An attempt to steer more money into Nebraska’s small, rural K-12 schools failed yesterday when supporters fell 2 votes shy of the minimum 25 needed to advance a measure. 14 senators did not take part in the 23-12 vote.
Nebraska has 244 school districts, but only 84 of them get money from the largest state aid funding program – equalization aid – which is calculated by subtracting potential local property taxes a district’s needs.
Most rural districts get no equalization aid because they have few students but lots of farmland that can bring in a lot of property tax revenue, even though the farmers and ranchers may not have high incomes.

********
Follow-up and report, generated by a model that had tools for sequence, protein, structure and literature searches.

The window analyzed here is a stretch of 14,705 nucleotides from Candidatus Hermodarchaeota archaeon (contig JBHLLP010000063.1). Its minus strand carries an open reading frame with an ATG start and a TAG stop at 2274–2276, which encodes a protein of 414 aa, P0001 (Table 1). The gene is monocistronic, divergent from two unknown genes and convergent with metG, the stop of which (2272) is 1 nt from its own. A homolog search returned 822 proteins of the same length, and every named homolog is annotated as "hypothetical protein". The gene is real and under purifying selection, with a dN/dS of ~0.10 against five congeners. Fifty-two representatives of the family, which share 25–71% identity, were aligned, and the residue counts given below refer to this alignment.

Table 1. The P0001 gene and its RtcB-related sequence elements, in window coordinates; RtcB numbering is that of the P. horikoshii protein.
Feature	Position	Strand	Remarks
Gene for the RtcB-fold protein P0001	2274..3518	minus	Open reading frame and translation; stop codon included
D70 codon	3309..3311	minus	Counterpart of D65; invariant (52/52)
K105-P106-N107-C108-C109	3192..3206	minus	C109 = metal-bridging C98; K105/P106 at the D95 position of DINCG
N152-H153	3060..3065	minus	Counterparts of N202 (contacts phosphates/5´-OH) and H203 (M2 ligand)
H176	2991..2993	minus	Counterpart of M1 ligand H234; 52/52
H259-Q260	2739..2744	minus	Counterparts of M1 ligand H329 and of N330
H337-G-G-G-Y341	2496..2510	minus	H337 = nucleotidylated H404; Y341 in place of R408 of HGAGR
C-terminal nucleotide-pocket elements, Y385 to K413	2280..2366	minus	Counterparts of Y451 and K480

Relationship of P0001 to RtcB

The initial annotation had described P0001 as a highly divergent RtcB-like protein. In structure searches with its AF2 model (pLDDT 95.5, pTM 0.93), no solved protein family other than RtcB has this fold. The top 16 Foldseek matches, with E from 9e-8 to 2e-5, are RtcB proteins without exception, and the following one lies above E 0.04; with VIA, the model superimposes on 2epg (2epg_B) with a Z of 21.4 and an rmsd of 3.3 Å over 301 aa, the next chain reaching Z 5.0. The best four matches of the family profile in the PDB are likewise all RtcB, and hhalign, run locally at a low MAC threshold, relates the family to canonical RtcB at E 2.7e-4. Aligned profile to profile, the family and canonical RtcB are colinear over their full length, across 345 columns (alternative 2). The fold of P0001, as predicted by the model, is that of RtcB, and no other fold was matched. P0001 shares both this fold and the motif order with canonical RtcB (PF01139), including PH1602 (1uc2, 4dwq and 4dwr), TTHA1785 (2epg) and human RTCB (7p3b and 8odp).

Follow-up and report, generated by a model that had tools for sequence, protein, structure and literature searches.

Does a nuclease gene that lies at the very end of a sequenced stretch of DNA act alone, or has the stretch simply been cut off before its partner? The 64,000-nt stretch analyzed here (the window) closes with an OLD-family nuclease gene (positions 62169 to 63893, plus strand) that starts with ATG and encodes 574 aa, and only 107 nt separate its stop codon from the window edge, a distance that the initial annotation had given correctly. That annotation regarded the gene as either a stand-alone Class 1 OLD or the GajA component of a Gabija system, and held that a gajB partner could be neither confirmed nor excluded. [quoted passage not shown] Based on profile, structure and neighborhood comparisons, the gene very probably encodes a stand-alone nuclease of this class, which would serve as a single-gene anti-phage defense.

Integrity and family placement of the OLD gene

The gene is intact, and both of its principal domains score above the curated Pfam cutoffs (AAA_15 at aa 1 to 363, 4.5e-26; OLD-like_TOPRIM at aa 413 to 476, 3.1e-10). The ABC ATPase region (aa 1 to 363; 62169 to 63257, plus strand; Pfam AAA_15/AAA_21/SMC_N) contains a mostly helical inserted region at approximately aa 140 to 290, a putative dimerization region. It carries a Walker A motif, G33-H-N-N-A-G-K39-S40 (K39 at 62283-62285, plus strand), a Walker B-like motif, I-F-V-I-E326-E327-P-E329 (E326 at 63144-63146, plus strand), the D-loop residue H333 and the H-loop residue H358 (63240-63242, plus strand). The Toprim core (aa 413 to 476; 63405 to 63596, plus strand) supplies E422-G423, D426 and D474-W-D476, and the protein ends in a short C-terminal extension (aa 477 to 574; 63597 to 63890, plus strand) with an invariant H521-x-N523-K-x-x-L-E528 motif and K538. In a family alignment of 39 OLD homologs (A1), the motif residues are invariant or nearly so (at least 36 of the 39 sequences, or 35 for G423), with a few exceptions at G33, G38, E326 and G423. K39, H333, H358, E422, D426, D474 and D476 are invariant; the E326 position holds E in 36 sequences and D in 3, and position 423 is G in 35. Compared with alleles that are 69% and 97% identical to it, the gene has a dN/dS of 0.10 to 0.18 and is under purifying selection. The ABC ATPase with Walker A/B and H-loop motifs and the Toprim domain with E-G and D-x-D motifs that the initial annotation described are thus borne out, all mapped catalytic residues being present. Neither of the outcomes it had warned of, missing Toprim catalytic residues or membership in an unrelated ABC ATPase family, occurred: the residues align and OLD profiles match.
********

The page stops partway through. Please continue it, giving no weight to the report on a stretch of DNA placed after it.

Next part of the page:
Senator Curt Friesen’s bill addressed that by creating a new state aid category for districts where property taxes account for more than 70% of their revenue. He estimated the cost at $65-million dollars the first year and he blasted the state’s largest school districts, the ones who get the equalization aid, for opposing his plan.
Backers of the big districts argued that they have greater costs with more low-income students and ones who need more help, such as ESL students. Friesen responded that poverty is not limited to urban areas.
Friesen said more than a third of all students in his district, primarily small towns and rural areas north of Grand Island, receive free or reduced-price school lunches because of their family income levels.